Covid-19: macroeconomic implications
The economic recovery in 2021 is being driven by the non-oil and gas sectors. After being hit by a triple shock – the Covid-19 pandemic, a slump in oil prices and the flare-up of the conflict over Nagorno-Karabakh – Azerbaijan’s gross domestic product (GDP) declined by 4.3 per cent in 2020. A strong contraction in the oil and gas sector of 7.2 per cent was balanced by a softer decline in the rest of the economy, which was helped by the government’s extensive support package. Non-hydrocarbon sectors started to recover in 2021, posting 6.2 per cent year-on-year growth from January to September 2021. However, overall GDP growth, estimated at 4.8 per cent year-on-year in the same period, continues to be weighed down by lower oil and gas production on the back of the Organization of the Petroleum Exporting Countries (OPEC) oil production cut. Exports, which are dominated by hydrocarbons, remained at the 2020 level in real terms from January to August 2021 (year-on-year). Monetary policy was loosened in 2020 as demand remained tightly constrained and inflation low. However, in spite of currency stability, increasing global price pressures are pushing inflation from an average of 2.8 per cent in 2020 up to 8.5 per cent in September 2021.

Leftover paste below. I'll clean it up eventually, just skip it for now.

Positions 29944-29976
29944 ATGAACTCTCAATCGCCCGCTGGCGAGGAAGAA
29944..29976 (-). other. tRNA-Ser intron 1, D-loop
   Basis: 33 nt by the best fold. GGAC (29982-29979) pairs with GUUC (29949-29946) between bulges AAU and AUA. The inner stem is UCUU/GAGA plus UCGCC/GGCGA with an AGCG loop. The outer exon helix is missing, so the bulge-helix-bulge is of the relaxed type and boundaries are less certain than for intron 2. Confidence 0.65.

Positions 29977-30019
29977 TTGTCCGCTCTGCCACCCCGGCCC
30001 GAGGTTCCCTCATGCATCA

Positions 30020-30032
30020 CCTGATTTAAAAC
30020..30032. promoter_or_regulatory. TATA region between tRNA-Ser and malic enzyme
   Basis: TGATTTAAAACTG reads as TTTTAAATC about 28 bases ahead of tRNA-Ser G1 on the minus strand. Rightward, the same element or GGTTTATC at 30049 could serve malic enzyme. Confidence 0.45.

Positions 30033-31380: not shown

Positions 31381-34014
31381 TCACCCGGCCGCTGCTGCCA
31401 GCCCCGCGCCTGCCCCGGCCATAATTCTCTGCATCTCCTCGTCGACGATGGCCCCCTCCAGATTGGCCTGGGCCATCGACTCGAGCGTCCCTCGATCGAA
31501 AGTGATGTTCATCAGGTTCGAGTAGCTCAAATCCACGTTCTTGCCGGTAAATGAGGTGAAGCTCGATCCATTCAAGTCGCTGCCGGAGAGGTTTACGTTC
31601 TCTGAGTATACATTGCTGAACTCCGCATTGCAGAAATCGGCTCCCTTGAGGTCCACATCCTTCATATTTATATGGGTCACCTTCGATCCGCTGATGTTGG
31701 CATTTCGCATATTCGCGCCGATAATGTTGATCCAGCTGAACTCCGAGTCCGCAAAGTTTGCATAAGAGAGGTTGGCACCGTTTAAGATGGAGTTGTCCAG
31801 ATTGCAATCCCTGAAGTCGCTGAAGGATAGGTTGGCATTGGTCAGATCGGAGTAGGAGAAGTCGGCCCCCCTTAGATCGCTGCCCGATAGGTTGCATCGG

Large assets of the State Oil Fund of Azerbaijan (SOFAZ) helped to weather the crisis. Lower oil revenues on the back of the price slump and the production decline turned external and fiscal surpluses to deficits in 2020. The current account balance turned from a surplus of 9.1 per cent of GDP in 2019 to a small deficit of 0.5 per cent in 2020, while the fiscal balance went from a surplus of 9.1 per cent in 2019 to a deficit of 6.5 per cent in 2020. However, Azerbaijan’s public debt remained low at 23.4 per cent of GDP in 2020 despite the ensuing gaps, as funding needs were met domestically by drawing on the large assets of SOFAZ. International reserves remained relatively stable, at US$ 7.0 billion in September 2021, covering almost eight months of imports.